Surface Integrals Surface Integrals for Parametric Surfaces In the last section, we learned how to find the surface area for parametric surfaces. We cut the region in the uvplane into tiny rectangles and added up the area of the corresponding tiny parallelograms in the xyplane. The area of these parallelograms was
If we think of the surface as having varying density f(x,y,z), then the mass of this parallelogram will be
and adding up all these masses and taking the limit as the rectangle sizes approach zero, gives the definition of the surface integral.
As with finding the surface area the integral typically results in an impossible integral.
Example Find
where S is the surface r(u,v) = ui + u^{2}j + (u+ v)k 0 < u < 2 1 < v < 4 and f(x,y,z) = x + 2z
Solution We find r_{u} = i + (2u)j + k r_{v} = k and take the cross product
We have f(x(u,v),y(u,v),z(u,v)) = x(u,v) +2z(u,v) = u +2(u + v) = 3u + v We find
Although this integral is possible, its solution is quite involved. You can verify that the surface integral evaluates to approximately 525.27. Surface Integrals for Surfaces that are Functions of Two Variables We have seen before that if z = g(x,y) is a surface such that g has continuous first order partial derivatives, then the parameterization r(u,v) = ui + vj + g(u,v)k has the property that
This leads to the formula for surface integrals.
Example Find
where S is the part of the paraboloid z = x^{2} + y^{2} that lies inside the cylinder x^{2} + y^{2} = 1 and f(x,y,z) = z
Solution We have
and f(x,y,z) = z = x^{2} + y^{2} At this point, you should be thinking, "This looks like a job for polar coordinates." And we get
Let u = 1 + 4r^{2 } du = 8r dr r^{2} = 1/4 u  1/4 and the substitution gives us
Oriented Surfaces and Flux We have seen how a region R with boundary curve C can be oriented. Traveling along C, we look to see if the region is on the right or left. Unfortunately, this definition does not work will for surfaces in three dimensions. The idea of right and left is not well defined. In fact not all surfaces can be oriented. We say that a surface is orientable if a unit normal vector can be defined on the surface such that it varies continuously over the surface. Below is an example of a nonorientable surface (called the Mobius Strip)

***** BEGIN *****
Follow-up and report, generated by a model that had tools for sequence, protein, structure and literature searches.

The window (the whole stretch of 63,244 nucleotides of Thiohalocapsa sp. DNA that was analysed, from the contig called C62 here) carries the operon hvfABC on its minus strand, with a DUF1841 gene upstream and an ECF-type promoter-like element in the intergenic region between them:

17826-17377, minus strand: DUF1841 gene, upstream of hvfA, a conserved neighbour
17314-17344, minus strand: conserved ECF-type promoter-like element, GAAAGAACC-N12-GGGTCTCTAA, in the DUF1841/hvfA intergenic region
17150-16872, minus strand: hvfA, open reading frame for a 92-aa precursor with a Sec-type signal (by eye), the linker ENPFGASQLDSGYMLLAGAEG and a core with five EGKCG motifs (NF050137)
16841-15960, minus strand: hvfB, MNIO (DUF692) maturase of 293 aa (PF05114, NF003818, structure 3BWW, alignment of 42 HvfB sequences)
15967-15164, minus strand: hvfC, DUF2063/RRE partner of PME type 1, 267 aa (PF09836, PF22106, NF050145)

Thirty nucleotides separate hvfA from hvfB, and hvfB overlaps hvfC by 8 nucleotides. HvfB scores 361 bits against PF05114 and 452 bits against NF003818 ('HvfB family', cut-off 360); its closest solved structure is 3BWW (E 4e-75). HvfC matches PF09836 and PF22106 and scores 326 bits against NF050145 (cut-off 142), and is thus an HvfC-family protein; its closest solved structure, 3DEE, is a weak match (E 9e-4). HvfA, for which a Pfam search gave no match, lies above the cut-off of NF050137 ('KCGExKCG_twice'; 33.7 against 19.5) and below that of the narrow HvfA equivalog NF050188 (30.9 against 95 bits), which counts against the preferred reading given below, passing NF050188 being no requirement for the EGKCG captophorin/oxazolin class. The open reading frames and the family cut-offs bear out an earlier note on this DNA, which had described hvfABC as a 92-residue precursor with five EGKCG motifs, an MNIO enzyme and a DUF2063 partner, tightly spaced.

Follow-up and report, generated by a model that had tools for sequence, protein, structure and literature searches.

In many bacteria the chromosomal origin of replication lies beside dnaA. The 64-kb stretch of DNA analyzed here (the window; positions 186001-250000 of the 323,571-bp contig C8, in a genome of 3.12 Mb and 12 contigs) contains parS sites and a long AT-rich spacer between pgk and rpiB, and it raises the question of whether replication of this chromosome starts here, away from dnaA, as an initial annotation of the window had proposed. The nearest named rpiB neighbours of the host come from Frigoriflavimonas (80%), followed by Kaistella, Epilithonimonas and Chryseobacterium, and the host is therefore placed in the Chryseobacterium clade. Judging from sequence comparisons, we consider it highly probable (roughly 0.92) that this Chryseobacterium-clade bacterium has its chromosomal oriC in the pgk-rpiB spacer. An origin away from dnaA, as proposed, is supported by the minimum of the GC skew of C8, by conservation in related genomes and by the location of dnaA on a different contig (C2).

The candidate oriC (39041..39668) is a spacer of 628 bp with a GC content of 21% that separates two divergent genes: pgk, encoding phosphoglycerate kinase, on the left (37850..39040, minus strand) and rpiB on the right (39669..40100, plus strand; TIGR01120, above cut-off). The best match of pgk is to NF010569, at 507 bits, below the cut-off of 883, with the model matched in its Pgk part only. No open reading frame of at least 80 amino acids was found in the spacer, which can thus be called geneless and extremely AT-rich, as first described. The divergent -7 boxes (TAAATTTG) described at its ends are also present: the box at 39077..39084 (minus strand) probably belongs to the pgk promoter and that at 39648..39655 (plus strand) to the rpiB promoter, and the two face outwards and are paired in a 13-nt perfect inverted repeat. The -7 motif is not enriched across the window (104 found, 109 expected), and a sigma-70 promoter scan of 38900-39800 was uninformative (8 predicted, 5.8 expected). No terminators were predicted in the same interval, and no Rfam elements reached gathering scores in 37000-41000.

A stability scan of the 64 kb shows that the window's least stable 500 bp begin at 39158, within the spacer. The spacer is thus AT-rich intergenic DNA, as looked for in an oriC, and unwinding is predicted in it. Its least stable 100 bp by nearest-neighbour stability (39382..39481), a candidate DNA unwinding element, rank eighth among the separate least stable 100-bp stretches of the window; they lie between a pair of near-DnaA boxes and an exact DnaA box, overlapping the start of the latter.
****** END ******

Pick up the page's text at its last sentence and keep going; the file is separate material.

You can see that there is no front or back of this surface. Recall that a unit normal vector to a surface can be given by
There is another choice for the normal vector to the surface, namely the vector in the opposite direction, N. By this point, you may have noticed the similarity between the formulas for the unit normal vector and the surface integral. This idea leads us to the definition of the Flux Integral Consider a fluid flowing through a surface S. The Flux of the fluid across S measures the amount of fluid passing through the surface per unit time. If the fluid flow is represented by the vector field F, then for a small piece with area DS of the surface the flux will equal to DFlux = F ^{.} N DS Adding up all these together and taking a limit, we get
Notice that the denominator of N and the formula for dS both involve r_{u} x r_{v}. Canceling, we get NdS = r_{u} x r_{v} dvdu for a surface that is defined by the function z = g(x,y), we get the nice formula NdS = g_{x}(x,y)i  g_{y}(x,y)j + k (oriented upward) or NdS = g_{x}(x,y)i + g_{y}(x,y)j  k (oriented downward)
Example Find the flux of F(x,y,z) = xi + 2yj + zk across the part of the surface z = x + y^{2} with upward pointing normal that lies within the box 0 < x < 3 2 < y < 5
Solution We compute NdS = i  2yj + k dydx and F ^{.} N dS = x  4y^{2} + x + y^{2} = 3y^{2} The flux integral is
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